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Old 17th August 2006, 05:47 PM   #1
kegger is offline kegger  United States
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Default Preferred operating points of small signal triodes

Preferred operating points of small signal triodes? Do's and don'ts?

I'd like to see if we could get a discussion going on how best to run these tubes.
And for now keep it based on the 20-30 gain varietys like the following tubes maybe.
(Would Just like to keep it minumized for now to get more focused discussions)

6DJ8
6922
6CG7
6SN7
6J5
12AU7
12BH7

Any other varietys in there I didn't mention that someone wants to expand upon?
If this goes well we could try an expand it to others or just start another thread.

Starting with the 6DJ8 (Any variants someone wants to expand on is good by me to)
This tube has the least amount of voltage it can tolerate and is usually run with a good
amount of current through it. Also the plate resistance is rather low at 2650 compaired with
the other tubes in this area with the exception of the 6922 which is basically a beefier 6DJ8?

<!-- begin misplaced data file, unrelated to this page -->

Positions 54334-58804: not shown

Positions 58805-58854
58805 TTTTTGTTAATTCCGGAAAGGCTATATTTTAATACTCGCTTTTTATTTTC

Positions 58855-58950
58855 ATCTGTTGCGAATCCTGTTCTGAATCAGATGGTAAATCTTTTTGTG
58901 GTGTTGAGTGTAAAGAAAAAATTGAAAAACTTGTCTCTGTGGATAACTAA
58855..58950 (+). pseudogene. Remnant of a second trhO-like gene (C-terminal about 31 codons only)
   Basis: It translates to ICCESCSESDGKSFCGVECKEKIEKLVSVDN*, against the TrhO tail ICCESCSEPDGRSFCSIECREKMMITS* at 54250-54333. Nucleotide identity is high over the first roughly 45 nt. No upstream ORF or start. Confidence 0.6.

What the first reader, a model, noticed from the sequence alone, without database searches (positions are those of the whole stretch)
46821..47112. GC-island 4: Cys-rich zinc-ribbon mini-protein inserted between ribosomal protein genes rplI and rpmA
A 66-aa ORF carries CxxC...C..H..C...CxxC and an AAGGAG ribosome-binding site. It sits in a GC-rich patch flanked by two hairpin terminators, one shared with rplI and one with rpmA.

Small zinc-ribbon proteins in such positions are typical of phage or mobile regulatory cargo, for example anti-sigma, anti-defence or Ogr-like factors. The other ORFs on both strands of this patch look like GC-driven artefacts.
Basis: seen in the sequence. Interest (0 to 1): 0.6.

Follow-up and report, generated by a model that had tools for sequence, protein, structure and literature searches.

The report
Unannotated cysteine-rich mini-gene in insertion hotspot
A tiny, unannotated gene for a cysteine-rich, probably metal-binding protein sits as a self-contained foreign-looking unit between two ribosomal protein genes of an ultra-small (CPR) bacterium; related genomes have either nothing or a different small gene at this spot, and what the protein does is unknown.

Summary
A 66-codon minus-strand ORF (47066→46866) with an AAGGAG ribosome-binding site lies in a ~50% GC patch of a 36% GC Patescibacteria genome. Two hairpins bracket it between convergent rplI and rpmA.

Judging by sheets on this tube I come up with suggested plate loads of 10K-30K roughly?
And it would seem you really want about 90volts on the plates, ma of 10, neg grid of 1.3
or so in that area anyway? Are there any best for sonics suggestions on these #'s?

Now the 6CG7 is pin compatable with the 6DJ8 and is with others as well if you redo the
heater connections, but that's about all it has in common with 6DJ8 after that, as it has a
more liking of it's #'s to the rest of the tubes including the higher plate voltage it can take.
Plate resistance is right around the 7200 mark (given certain voltages) and it's plate load
would suggest in the 25k-45K range, 250 volts on the plates, ma of 8, and neg grid of 8?
Could run the lower voltage and high current of like a 6DJ8, suggestions for best sonics?
How would they run if a situation was made for them and a 6DJ8 to run in the same place?
(Meaning would it still perform sound wise when run at the lower voltage, high current)

6SN7, 6J5 basically the same values as the 6CG7 and how to run them? Of all these tubes